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Lifetime Mortgage Advice – Where to Look & More

lifetime mortgage advice

For free and impartial money advice and guidance, visit MoneyHelper, to help you make the most of your money.

If you want to take out a lifetime mortgage, you will need to receive lifetime mortgage advice first. Lifetime mortgages are huge commitments that are likely to stay with you for the rest of your life and can have significant implications and consequences.

In this MoneyNerd post, we explain everything you need to know about lifetime mortgages and some tips that could help before you can apply and take out a lifetime mortgage. 

Equity released in a nutshell

Equity release is a tax-free way for some older homeowners to access credit in later life – i.e. home equity – which is often used to help fund their retirement or help them to retiree earlier, but not exclusively. It allows you to borrow against some of the value of your property and not have to make regular loan repayments each month. 

The loan is only required to be repaid when the (last surviving) equity release plan holder either dies or moves into long-term care. The debt must be paid in full at this point, which is made possible because the lender has the right to force the sale of the property and take money from the sale proceeds to clear the debt.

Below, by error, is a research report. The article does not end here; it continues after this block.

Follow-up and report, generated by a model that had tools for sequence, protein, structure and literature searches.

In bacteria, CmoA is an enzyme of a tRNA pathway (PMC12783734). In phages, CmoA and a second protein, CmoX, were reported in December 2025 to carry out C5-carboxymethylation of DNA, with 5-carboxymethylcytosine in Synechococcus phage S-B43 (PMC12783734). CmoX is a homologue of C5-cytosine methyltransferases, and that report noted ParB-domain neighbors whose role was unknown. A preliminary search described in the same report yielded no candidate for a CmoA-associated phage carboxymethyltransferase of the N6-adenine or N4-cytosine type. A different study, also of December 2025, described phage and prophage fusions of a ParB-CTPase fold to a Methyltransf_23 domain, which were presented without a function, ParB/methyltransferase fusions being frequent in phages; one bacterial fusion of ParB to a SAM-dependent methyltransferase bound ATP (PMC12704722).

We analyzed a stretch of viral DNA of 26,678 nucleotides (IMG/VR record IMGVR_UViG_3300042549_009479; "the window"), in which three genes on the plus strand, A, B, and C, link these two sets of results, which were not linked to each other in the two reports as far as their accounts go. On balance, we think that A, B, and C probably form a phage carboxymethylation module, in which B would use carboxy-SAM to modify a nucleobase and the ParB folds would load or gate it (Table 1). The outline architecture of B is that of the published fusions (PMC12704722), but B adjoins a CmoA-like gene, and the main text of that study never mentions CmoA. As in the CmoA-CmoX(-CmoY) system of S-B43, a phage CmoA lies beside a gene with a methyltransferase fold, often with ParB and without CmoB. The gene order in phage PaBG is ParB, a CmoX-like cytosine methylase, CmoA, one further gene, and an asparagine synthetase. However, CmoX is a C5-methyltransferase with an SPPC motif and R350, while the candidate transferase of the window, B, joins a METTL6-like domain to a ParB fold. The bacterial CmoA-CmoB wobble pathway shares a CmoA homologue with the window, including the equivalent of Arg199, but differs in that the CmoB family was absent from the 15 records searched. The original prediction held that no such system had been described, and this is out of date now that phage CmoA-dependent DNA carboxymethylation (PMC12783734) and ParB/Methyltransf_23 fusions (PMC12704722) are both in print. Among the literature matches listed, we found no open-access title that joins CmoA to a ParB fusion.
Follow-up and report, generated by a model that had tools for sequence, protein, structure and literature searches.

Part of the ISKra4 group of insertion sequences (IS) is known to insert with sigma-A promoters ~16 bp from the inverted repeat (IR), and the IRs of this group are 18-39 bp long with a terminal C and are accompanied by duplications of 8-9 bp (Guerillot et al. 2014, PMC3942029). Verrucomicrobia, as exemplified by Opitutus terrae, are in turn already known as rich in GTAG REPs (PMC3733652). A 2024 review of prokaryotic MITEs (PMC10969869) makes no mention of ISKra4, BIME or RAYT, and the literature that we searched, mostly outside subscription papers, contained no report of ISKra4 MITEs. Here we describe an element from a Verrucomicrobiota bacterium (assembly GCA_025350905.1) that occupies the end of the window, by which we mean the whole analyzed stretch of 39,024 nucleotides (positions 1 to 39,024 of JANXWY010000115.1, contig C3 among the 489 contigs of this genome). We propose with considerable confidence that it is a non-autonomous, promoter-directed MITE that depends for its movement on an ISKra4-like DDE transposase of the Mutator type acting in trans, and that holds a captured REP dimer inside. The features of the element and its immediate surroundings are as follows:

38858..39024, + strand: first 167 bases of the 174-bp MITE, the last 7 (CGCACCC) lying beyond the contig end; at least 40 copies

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Who can use equity release?

Equity release can only be used by people who are over the age of 55, hence why it is a method of borrowing to improve the quality of later life. If there are two homeowners who want to take out an equity release plan together, both individuals must be aged 55 or above. Sometimes an older age restriction is applied around 85 years old.

These plans allow you to borrow against the equity in your home, but you usually need to have paid off all existing debts secured against the property to apply, meaning you must have 100% equity. Thus, your loan will be a percentage of the value of your home up to 60% or 80% at most, depending on what type of equity release scheme you use.